ESG Disclosures for Financial Institutions
Over the last several years the market has seen the increase of environmental, social and governance (ESG) disclosures by public companies occur in fits and starts in reaction to pressures from a variety of constituents, including some of the largest institutional investors. Until this year, the US Securities and Exchange Commission (SEC) has taken a cautious approach to developing uniform ESG disclosure requirements. As discussed in our prior ESG advisories (Parts I, II and III), during 2021 the SEC has made a series of public statements and taken preliminary steps indicating that it likely soon will enhance its climate-related disclosure requirements for all public companies, including financial institutions, and not just those with the largest carbon footprints that attract the attention of large institutional investors and activist groups. While any new SEC rulemaking concerning climate-related disclosures likely would not take effect until 2022, below we provide recommendations that financial institutions should consider to prepare for a new ESG disclosure regime.
The drive for enhanced ESG disclosure has recently been led by some of the largest institutional investors. For example, BlackRock’s revised ESG Integration Statement as of May 19, 2021 states: “Our investment conviction is that sustainability and climate-integrated portfolios can provide better risk-adjusted returns to investors over the long-term, and that sustainability-related data provides an increasingly important set of tools to identify unpriced risks and opportunities within portfolios.” Fidelity and Vanguard also integrate ESG factors into their investing and voting policies, which are premised on increased discourse and engagement with the management of the companies in which they invest. Moreover, the Institutional Shareholder Services 2020 proxy voting guidelines devote a full section to ESG related proposals. With respect to climate change and human capital, Institutional Shareholder Services recommends supporting proposals seeking enhanced disclosure or greater transparency (unless sufficient information is already available) regarding financial, physical or regulatory risks to operations and investments and regarding how a company identifies, measures and manages such risks.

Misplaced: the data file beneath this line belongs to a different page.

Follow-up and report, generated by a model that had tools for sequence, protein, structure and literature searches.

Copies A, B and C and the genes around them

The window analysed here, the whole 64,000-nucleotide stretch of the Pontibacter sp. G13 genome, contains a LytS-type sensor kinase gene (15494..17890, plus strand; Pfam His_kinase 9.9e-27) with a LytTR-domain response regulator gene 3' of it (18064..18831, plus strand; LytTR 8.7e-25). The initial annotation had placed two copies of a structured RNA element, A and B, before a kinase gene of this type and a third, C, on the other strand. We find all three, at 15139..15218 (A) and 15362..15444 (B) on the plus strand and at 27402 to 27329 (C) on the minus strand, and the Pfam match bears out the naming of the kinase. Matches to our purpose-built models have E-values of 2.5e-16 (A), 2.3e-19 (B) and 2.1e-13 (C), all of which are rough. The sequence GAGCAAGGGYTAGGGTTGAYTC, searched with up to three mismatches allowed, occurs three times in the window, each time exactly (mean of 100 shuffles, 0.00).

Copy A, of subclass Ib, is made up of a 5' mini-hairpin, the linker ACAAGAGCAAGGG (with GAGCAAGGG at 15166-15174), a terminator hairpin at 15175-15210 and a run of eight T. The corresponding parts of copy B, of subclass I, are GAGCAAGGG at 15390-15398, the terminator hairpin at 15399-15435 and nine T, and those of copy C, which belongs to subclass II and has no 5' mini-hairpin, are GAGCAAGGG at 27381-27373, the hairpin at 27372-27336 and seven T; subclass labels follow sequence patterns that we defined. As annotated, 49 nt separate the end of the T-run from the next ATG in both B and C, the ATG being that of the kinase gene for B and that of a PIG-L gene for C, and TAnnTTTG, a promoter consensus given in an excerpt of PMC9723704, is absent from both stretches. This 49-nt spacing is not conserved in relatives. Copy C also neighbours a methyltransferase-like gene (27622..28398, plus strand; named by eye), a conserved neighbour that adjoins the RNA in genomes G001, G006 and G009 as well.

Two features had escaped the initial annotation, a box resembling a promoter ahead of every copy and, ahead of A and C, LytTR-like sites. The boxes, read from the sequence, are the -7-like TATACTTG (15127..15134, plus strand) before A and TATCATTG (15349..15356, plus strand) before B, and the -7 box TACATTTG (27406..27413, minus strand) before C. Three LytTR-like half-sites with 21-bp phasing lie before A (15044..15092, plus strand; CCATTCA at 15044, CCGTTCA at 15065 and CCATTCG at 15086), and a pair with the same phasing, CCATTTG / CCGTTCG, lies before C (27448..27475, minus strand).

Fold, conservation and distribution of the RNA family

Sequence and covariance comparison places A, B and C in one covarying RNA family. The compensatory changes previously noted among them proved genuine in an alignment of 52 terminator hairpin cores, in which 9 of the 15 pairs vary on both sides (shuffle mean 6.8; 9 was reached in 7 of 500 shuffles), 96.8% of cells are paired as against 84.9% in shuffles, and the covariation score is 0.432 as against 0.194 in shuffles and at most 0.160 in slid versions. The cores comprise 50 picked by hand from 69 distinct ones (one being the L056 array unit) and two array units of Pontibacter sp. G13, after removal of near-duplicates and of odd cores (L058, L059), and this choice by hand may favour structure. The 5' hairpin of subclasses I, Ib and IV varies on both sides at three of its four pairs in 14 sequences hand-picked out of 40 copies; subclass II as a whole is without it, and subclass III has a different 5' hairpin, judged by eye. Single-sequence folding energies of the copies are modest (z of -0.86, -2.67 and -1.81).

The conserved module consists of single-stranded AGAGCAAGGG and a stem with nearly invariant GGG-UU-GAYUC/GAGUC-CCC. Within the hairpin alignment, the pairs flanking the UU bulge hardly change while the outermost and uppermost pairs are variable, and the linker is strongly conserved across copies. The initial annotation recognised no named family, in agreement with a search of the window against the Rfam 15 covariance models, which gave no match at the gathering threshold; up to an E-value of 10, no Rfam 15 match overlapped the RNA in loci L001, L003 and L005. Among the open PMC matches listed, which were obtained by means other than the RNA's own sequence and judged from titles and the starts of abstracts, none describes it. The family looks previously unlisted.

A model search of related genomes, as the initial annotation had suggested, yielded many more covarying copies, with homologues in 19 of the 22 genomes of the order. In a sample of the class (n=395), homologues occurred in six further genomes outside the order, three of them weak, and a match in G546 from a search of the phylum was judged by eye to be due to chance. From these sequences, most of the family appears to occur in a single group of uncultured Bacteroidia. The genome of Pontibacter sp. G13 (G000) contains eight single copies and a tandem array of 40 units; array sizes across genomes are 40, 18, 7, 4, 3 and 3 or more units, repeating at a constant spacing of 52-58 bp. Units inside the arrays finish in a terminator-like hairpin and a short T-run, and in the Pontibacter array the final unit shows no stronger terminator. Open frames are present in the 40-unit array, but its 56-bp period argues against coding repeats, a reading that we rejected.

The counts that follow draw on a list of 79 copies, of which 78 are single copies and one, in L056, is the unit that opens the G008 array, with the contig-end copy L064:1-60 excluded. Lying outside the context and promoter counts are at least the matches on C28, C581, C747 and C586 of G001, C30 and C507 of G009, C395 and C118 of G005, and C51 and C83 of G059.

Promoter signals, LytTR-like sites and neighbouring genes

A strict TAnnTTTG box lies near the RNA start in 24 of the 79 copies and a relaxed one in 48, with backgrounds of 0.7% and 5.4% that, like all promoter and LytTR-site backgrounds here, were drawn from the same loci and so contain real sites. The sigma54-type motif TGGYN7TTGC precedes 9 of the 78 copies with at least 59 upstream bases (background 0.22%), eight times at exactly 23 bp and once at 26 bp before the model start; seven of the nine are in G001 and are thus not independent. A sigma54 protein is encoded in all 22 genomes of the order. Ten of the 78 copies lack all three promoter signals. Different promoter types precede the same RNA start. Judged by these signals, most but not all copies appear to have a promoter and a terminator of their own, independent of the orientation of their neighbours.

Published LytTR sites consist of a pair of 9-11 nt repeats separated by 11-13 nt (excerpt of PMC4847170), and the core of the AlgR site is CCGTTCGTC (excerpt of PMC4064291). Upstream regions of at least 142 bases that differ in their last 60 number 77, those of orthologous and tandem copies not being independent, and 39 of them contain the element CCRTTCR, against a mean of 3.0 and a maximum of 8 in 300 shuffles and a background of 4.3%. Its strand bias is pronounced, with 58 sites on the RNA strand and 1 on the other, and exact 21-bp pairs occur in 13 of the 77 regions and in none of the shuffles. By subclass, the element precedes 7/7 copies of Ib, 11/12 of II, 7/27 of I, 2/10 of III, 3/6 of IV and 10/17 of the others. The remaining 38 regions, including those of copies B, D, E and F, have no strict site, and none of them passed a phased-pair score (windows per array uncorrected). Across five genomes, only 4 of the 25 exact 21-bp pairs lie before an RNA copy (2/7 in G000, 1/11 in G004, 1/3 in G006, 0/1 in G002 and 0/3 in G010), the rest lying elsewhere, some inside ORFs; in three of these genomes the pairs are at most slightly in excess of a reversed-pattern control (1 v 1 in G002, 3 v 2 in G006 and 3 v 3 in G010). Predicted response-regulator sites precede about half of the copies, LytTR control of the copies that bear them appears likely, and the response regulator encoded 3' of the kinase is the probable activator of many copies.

As summarized in our March 9, 2021 Advisory, the SEC’s efforts to standardize ESG disclosures commenced in earnest last year. On August 26, 2020, as part of its goal to modernize the description of business, legal proceedings and risk factors sections in registration statements and annual and quarterly reports, the SEC increased the quantitative disclosure threshold for environmental proceedings to which the government is a party. The SEC also required registrants to address the material effects of compliance with environmental laws and describe their human capital resources to the extent material to an understanding of the business. The purpose of framing these revised disclosure requirements in a general manner was to allow registrants to craft their own disclosures based on their determinations of what is material to their businesses, a tacit acknowledgement of the difficulty in creating a uniform standard that is also industry agnostic. It would appear, however, that the SEC is now moving in a different direction consistent with the stated priorities of the Biden Administration.
Before Gary Gensler was officially sworn in as SEC Chair, then-Acting Chair Allison Herren Lee, on March 15, 2021, solicited public input from investors, registrants and other market participants on climate-related disclosures. Noting that the last time the SEC examined climate change disclosures was in 2010, then-Acting Chair Lee observed that since then investor demand for ESG disclosures had grown dramatically and that by 2020 both the SEC Investor Advisory Committee and the SEC Asset Management Committee recommended that the SEC start to update reporting requirements to include disclosures related to ESG risks. The comment period ended on June 13, 2021, and the SEC reported receiving over 500 letters in response.
On June 11, 2021, the SEC announced its Spring 2021 Unified Agenda of Regulatory and Deregulatory Actions. Among other proposals, the SEC included the following ESG-related topics as being in the Proposed Rule Stage: Climate Change Disclosure (October 2021); Corporate Board Diversity (October 2021); Human Capital Management Disclosure (October 2021); Rules Related to Investment Companies and Investment Advisers to Address Matters Relating to Environmental, Social and Governance Factors (April 2022). Hence, as of the date of this Advisory, registrants can expect the SEC to propose rules for ESG disclosures as soon as October 2021, while investment companies and investment advisers can expect proposed rules relating to ESG factors as soon as April 2022. However, dates identified in regulators’ agendas often slip for a variety of reasons, including competing regulatory priorities and lengthy pre-proposal development (which seems likely here, particularly on a climate change disclosure proposal).
Where the SEC May be Headed